Ever get chills hearing to a specific moving part of music? One can be grateful to the brain’s salience network for that emotional joint. Startlingly, this area also remains an isle of memory that is secured from the damage of Alzheimer’s disease. The scientists from the University of Utah Health are probing into this brain area to develop music-based therapies to assist in reducing anxiety in dementia patients.
The earlier effort showed the consequence of a personalized music course on the mood for patients with dementia. This research specifies to look at a mechanism that stimulates the attentional network in the brain’s salience region. The outcomes provide a new means to approach depression, agitation, and anxiety in dementia patients. Stimulation of adjacent areas of the brain might also provide avenues to defer the constant decline resulting from the disease.
For 3 Weeks, the team assisted the study participants to choose meaningful songs and coached the caregiver and patient on how to make use of a transportable media player enclosing the self-selected music compilation. The team, using a functional MRI, scanned the participants to picture the brain regions that light up when they listen to 20-second music clips vs. silence.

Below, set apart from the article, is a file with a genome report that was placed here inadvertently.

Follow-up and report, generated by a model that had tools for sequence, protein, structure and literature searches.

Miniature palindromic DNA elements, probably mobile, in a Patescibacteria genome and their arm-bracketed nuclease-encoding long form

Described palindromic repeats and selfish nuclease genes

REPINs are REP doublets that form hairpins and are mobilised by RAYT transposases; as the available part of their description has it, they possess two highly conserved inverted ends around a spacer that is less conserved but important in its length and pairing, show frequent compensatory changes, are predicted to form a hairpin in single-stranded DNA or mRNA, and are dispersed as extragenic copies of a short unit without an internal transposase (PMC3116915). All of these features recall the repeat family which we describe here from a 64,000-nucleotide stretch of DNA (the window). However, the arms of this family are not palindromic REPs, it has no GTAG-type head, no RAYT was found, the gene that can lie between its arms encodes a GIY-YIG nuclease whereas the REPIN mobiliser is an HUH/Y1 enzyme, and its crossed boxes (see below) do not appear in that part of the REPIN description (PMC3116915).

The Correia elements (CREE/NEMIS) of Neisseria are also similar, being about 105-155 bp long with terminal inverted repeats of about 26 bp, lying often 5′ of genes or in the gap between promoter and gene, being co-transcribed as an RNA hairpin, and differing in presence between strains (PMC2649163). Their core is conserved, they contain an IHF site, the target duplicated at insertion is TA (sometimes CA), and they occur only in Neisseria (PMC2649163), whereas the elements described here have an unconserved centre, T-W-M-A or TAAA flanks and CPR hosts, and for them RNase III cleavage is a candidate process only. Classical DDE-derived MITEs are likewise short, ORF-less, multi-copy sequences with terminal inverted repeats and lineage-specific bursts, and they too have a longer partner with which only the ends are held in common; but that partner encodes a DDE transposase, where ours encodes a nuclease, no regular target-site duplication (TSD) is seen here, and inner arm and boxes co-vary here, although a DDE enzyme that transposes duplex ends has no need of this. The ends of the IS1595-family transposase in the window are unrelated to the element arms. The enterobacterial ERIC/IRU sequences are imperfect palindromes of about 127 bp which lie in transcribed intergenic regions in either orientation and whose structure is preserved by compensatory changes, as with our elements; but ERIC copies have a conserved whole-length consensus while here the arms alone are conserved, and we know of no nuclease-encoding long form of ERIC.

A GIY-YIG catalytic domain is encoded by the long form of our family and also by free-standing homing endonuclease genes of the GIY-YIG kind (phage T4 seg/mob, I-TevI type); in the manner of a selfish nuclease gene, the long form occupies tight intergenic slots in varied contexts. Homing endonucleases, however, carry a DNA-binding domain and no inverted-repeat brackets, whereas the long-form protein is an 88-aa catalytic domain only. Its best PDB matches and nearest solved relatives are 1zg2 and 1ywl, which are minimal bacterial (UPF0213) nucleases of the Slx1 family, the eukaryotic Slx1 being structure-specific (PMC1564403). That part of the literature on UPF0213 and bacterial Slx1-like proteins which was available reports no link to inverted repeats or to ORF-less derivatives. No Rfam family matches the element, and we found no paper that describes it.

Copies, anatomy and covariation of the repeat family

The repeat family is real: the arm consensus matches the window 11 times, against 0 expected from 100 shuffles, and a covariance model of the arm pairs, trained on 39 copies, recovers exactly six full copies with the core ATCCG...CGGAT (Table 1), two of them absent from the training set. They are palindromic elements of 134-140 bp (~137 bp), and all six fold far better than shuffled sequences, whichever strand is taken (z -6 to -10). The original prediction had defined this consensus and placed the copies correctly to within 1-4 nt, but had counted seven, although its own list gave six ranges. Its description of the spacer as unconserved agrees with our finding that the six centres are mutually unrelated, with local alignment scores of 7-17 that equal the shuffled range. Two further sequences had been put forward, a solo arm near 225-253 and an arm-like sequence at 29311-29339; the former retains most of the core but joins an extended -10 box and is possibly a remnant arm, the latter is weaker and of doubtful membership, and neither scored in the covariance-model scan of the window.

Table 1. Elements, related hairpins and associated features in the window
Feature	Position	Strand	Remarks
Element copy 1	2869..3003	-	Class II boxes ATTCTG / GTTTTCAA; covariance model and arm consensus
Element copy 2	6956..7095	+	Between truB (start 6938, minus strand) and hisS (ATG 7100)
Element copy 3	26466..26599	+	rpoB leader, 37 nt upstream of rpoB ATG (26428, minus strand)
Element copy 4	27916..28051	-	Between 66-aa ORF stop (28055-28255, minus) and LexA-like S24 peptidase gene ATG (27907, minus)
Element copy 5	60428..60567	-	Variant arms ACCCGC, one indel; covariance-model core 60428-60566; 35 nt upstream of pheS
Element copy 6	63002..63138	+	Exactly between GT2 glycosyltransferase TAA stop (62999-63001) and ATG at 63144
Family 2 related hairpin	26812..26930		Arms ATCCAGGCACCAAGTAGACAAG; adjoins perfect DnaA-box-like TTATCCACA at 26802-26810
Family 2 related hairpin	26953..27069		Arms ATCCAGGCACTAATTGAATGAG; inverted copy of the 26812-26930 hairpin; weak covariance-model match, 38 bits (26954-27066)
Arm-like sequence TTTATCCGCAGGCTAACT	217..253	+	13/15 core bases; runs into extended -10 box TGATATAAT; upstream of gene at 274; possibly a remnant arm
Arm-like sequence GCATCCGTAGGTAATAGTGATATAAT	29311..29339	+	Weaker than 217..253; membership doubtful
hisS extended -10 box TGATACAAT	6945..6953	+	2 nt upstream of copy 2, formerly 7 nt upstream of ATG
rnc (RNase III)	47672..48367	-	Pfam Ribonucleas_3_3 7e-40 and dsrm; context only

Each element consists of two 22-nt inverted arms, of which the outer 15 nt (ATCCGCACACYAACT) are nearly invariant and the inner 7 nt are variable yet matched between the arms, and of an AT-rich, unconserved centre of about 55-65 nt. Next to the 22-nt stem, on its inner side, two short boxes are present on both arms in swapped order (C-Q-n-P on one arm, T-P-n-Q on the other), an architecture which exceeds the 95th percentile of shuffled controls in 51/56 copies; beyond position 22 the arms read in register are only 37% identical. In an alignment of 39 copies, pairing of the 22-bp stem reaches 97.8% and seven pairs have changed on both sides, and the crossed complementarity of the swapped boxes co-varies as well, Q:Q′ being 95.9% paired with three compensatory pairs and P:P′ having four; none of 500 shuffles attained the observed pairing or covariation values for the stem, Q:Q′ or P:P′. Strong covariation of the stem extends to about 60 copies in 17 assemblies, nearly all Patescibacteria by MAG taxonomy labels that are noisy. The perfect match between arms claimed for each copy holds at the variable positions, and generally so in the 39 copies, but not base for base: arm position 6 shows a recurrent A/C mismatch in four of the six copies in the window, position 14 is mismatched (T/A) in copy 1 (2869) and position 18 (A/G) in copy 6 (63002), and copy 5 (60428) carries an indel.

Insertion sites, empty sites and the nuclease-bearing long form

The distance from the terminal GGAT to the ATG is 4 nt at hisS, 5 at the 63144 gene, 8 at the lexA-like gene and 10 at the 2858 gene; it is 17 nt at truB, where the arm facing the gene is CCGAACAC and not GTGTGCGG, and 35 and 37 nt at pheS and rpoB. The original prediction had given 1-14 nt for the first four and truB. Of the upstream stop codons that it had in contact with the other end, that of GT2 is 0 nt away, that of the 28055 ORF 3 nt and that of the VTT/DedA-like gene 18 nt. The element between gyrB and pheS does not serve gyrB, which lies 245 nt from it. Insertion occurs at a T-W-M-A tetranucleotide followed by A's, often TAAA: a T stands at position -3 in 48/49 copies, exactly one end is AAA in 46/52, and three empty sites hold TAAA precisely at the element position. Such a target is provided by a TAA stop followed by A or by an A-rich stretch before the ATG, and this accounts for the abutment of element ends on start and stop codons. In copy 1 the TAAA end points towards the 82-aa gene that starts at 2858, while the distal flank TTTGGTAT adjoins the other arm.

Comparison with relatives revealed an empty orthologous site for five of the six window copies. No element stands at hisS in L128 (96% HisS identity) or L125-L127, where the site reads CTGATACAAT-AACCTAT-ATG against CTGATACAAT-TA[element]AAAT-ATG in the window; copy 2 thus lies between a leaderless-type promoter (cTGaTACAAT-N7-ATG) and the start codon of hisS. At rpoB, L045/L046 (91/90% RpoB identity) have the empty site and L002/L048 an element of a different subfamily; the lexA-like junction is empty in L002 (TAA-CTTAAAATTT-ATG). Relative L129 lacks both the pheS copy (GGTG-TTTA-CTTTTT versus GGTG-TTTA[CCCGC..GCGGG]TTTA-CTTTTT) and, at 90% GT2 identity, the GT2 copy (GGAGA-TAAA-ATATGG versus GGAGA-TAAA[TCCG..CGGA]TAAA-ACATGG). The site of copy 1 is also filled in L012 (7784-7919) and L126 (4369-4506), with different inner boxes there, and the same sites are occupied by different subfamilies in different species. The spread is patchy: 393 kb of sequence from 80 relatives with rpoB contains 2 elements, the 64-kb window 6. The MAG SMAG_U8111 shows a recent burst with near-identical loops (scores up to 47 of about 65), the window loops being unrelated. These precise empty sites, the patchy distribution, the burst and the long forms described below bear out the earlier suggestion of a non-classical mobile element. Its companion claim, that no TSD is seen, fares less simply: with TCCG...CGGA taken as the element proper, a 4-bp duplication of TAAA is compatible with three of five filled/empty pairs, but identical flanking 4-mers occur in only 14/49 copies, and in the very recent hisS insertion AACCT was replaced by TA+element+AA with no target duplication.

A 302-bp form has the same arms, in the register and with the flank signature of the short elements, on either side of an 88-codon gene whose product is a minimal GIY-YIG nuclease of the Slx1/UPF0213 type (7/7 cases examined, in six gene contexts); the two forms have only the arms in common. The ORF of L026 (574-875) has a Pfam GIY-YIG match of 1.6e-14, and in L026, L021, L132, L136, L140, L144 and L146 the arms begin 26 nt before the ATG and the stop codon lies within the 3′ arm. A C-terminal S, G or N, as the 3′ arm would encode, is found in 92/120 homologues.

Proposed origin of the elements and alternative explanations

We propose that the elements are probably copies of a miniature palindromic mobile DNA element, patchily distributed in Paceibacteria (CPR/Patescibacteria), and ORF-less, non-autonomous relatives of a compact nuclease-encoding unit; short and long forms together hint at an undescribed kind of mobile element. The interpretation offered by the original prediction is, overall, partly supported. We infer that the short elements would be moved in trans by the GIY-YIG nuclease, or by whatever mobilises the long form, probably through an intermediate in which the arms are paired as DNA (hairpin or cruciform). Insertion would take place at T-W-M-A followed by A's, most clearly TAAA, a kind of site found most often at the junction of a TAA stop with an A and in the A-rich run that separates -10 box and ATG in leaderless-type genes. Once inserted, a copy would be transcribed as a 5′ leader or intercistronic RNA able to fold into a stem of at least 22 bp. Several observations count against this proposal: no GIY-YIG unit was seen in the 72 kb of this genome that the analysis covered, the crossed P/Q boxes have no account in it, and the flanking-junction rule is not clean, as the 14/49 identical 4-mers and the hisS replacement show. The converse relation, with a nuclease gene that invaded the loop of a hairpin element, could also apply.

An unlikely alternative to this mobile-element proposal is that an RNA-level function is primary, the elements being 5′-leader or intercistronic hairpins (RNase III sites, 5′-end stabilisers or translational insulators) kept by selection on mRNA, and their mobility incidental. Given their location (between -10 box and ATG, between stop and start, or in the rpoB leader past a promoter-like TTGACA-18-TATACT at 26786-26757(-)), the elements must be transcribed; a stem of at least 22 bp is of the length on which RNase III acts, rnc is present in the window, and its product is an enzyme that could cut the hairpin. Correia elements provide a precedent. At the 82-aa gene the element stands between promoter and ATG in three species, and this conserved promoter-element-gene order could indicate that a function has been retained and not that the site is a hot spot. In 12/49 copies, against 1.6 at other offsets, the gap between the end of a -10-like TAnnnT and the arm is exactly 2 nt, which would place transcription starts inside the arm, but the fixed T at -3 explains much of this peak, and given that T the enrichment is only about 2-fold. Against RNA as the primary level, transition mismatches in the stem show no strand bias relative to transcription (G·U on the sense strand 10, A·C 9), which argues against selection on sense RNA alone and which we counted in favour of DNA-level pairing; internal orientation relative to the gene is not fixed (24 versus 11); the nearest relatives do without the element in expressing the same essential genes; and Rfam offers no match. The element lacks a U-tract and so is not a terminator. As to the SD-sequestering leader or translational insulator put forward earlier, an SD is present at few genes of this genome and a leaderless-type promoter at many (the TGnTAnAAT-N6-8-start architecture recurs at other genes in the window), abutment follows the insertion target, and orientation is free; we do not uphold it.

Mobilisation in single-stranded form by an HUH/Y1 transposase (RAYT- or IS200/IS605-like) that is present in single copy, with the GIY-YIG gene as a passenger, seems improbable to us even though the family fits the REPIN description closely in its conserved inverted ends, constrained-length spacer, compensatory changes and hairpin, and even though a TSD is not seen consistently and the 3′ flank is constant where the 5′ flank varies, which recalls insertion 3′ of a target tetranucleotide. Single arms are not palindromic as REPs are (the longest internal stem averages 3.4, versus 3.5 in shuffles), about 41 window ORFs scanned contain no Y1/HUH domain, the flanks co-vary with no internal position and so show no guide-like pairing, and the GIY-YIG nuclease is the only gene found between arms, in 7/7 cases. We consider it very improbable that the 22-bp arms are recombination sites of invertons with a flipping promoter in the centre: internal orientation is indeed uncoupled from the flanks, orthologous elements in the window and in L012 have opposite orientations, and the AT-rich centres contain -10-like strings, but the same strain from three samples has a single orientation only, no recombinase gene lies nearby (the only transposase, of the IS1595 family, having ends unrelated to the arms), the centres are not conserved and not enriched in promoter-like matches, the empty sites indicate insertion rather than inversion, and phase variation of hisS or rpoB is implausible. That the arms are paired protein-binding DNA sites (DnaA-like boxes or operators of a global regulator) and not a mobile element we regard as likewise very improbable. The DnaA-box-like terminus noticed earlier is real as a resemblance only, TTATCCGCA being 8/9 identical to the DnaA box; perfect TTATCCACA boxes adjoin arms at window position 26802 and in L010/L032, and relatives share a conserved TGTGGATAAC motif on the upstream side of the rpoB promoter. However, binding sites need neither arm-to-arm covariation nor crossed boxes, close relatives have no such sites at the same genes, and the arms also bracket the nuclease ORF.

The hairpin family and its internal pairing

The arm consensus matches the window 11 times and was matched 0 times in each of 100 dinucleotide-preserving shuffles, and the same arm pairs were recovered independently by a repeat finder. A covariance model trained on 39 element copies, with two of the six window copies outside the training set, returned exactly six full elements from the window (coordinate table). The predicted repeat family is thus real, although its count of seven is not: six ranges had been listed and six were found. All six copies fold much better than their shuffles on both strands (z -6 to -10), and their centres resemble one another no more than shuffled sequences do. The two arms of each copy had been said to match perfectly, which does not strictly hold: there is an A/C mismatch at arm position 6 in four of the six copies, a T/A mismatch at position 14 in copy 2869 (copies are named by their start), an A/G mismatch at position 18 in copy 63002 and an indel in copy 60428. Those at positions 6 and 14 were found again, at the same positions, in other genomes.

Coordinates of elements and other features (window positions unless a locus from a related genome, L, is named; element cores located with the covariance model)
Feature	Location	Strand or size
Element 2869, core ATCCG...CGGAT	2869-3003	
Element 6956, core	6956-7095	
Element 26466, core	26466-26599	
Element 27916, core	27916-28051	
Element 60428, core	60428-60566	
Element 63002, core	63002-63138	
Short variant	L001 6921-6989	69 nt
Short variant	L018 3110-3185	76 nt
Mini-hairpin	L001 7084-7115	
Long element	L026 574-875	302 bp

The team played 8 music clips from the music collection of the patient, 8 clips of the identical music played backward, and 8 silence blocks. The images were compared by the researchers from every scan.
The team discovered that music triggers the brain, resulting in the entire area to correspond. By listening to the individual soundtrack, the salience network, the executive network, the visual network, the corticocerebellar & cerebellar network pairs all displayed considerably elevated functional connectivity.
In another study conducted by the researchers from the University of Texas discovered that individuals who have a history of TBI (traumatic brain injury) might be at threat for developing Alzheimer’s disease or dementia earlier than those who did not have a TBI.